“A Living Soul for Ireland:” The Poetic Legacy of the Rising

By James W. Flannery, Contributor
February / March 2017

On Sunday March 27, 2016, with other representatives of the Irish diaspora, I attended a remarkable ceremony at the General Post Office in Dublin to commemorate the 100th anniversary of the 1916 Easter Rising. Both the GPO, the headquarters of the Rising, and O’Connell Street, the center of the city, had lain in ruins a century before. Now, in exactly the same place, hundreds of thousands gathered to watch the ceremony slowly unfold in silence and reverence.

My father fought in the War of Independence that followed the Rising, and I proudly wore his IRA medal as I sat in the viewing platform. I often thought of the struggle for their country’s freedom that he and other young men and women embarked on as a direct response to the ideals and example of the 1916 rebels.

Professor James Flannery wearing his father’s War of Independence medal.

Professor James Flannery wearing his father’s War of Independence medal.

As I experienced the stately procession of Commemoration 2016 move down O’Connell Street, I was increasingly conscious of being present at a singular moment in time – a liminal moment of transition in which the Irish people at length celebrated their spiritual, cultural, and intellectual triumph over the troubled circumstances of the past. As such, it was also a vindication of the extraordinary vision and practical idealism of Padraig Pearse and the other leaders of the Rising whose heroic sacrifice enabled the proud and independent Ireland of today to be born.

Pearse had launched the Rising in front of the GPO by reading a statement that announced the establishment of a provisional Irish Republic and the democratic principles by which it would be governed. One of the most moving moments of the commemoration was the reading of the 1916 Proclamation by an army officer in the same location Pearse had stood. As the words rang out, I was struck by the acknowledgment of the role played, throughout Ireland’s long struggle, by her “exiled children in America.” My father was one of those exiles who had kept the faith. And there were many others who, like me, had come from across the globe in fealty to the commitments of their ancestors.

Not far from the minds of those in attendance was the great failing of the Irish revolution, the abandonment of the nationalist people of Northern Ireland through the partition of the island and the awful suffering that ensued from that decision. That turbulent experience along with the hope promised by the Good Friday Agreement were recognized through a beautiful “Prayer for Remembrance” read by the head chaplain of the Defense Forces that called for a “new song” for all the people of the island:

“A song of compassion, inclusion, and engagement; a song of unity, diversity, and peace; a song of Céad Míle Fáilte and of care for our environment.”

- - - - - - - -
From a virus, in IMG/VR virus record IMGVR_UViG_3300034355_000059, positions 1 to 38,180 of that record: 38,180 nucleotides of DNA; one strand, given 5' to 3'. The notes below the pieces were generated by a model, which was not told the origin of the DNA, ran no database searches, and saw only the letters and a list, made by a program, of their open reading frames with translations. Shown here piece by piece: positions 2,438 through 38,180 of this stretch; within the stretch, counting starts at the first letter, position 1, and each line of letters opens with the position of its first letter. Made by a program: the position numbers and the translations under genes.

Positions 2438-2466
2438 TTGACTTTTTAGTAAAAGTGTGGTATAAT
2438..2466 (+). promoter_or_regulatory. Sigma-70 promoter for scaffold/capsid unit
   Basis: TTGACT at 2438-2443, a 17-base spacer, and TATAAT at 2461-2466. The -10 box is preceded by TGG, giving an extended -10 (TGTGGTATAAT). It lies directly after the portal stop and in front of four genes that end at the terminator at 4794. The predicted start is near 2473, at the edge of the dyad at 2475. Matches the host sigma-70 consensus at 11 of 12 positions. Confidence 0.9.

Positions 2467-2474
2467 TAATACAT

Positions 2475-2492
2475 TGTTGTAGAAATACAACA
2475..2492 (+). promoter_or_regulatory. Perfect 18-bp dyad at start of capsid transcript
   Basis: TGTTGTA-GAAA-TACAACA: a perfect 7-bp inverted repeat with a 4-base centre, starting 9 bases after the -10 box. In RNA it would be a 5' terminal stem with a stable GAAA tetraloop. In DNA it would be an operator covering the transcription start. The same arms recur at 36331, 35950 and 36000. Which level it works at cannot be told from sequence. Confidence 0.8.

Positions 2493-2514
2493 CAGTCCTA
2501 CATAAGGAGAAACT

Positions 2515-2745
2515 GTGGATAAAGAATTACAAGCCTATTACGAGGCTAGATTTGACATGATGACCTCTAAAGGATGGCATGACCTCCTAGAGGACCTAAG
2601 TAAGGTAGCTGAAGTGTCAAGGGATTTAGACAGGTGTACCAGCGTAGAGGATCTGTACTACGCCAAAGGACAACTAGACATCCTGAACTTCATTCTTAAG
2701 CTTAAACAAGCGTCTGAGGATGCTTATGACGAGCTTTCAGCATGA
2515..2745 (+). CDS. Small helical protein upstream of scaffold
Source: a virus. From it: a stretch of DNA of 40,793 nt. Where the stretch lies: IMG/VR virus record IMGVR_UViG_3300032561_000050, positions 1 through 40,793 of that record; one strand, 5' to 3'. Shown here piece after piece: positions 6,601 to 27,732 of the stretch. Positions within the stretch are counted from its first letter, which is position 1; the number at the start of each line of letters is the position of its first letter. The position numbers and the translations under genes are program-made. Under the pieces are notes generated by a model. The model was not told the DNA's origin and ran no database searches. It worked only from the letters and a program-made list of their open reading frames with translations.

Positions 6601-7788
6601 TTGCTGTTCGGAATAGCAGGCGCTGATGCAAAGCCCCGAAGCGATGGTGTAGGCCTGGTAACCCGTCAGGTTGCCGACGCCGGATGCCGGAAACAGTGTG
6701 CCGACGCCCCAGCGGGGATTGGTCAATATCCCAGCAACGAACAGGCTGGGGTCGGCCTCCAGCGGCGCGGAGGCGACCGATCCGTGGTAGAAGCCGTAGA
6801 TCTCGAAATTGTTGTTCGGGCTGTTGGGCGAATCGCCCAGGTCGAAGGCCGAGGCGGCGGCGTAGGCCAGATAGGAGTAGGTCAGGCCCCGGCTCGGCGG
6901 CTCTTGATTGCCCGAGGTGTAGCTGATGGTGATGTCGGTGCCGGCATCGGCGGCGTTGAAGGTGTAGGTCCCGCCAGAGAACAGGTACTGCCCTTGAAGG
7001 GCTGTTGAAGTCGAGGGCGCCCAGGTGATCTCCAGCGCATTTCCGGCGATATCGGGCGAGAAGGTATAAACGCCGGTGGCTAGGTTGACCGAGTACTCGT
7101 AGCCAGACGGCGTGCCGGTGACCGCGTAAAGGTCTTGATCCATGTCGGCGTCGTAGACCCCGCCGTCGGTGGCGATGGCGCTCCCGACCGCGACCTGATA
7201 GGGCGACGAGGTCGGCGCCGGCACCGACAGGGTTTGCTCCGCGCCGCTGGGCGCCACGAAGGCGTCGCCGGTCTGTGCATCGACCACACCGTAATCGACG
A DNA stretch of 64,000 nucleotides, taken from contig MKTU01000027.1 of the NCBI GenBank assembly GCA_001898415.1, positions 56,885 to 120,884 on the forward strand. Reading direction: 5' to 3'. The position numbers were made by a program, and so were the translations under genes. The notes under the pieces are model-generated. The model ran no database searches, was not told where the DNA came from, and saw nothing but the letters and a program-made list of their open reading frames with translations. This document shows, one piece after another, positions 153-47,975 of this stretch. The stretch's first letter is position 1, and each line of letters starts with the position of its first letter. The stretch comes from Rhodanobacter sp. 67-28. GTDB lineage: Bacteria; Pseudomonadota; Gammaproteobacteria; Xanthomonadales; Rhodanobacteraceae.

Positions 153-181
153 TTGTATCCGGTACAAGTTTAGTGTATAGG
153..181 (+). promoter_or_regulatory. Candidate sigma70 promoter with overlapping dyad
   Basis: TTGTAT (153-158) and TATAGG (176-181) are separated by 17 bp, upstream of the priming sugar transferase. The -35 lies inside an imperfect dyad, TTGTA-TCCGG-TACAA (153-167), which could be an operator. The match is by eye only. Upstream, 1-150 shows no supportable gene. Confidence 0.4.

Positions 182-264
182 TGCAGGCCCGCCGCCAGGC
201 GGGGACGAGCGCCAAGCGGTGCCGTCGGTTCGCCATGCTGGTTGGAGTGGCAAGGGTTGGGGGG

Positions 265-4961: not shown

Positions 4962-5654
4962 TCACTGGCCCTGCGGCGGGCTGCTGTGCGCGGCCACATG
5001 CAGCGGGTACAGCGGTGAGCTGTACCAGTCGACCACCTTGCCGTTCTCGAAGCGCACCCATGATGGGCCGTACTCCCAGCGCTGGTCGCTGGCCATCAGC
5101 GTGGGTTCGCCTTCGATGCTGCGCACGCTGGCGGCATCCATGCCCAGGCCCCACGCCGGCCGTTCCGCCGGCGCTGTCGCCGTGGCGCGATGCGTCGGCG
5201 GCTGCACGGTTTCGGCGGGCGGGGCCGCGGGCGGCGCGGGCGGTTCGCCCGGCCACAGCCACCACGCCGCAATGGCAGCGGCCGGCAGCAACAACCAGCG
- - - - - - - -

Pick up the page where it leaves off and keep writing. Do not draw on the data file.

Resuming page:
The theme of reconciliation was honored by four children, representing the four provinces of Ireland, who each laid a wreath of flowers while a piper played a lament to the air of “The Salley Gardens,” that haunting song Yeats composed out of his own soul’s longing for transformation and transcendence.

The climax of Commemoration 2016 occurred with the raising of the tricolor, the national flag of Ireland with its green, white, and gold symbolizing the union of the different traditions on the island that was the fundamental goal of the Irish Republic proclaimed by Pearse. To men like my father, the realization of that goal was the defining mission of their lives. In some ways, the purity of the republican vision at the heart of the Poets’ Revolution of 1916 was sustained more fervently by the American Irish who brought about the peace process and its continued hope for the unification of Ireland than it was by those who remained at home and had given up on that dream.

In one of his last poems, Pearse the schoolmaster spoke of the simple truths that remain the source of his lasting legacy now and in the generations to come:

Of wealth or of glory

I shall leave nothing behind me

(I think it, O God, enough!)

But my name in the heart of a child.

Walking back to my hotel room after the event I was stopped by a young couple who asked if they could take a photograph of my father’s medal. The woman, who identified herself as “a Dub,” asked whether she could touch the medal. After holding it a moment, with tears in her eyes, she said, “I never knew before today where we really came from. Or who we really are.”

For this witness-bearer to the commemoration of 1916, the look in the eyes of that woman as she held my father’s IRA medal is what remains with me. They were the eyes of a child whose heart has been awakened to a love of country. My father awakened the same emotion in me many years before, a love summoned in poetry and song that, he believed, would ultimately transcend the artificial divisions of race, religion, politics, and geographical boundaries through the creation of a communion of living souls known as the Republic of Ireland. ♦

_______________

James W. Flannery is the director of the W.B. Yeats Foundation and a member of the Global Irish Network appointed by the Irish Government. From 1989 to 1993, he was the executive director of a Yeats International Theatre Festival at the Abbey Theatre devoted to promoting peace and reconciliation through the arts.

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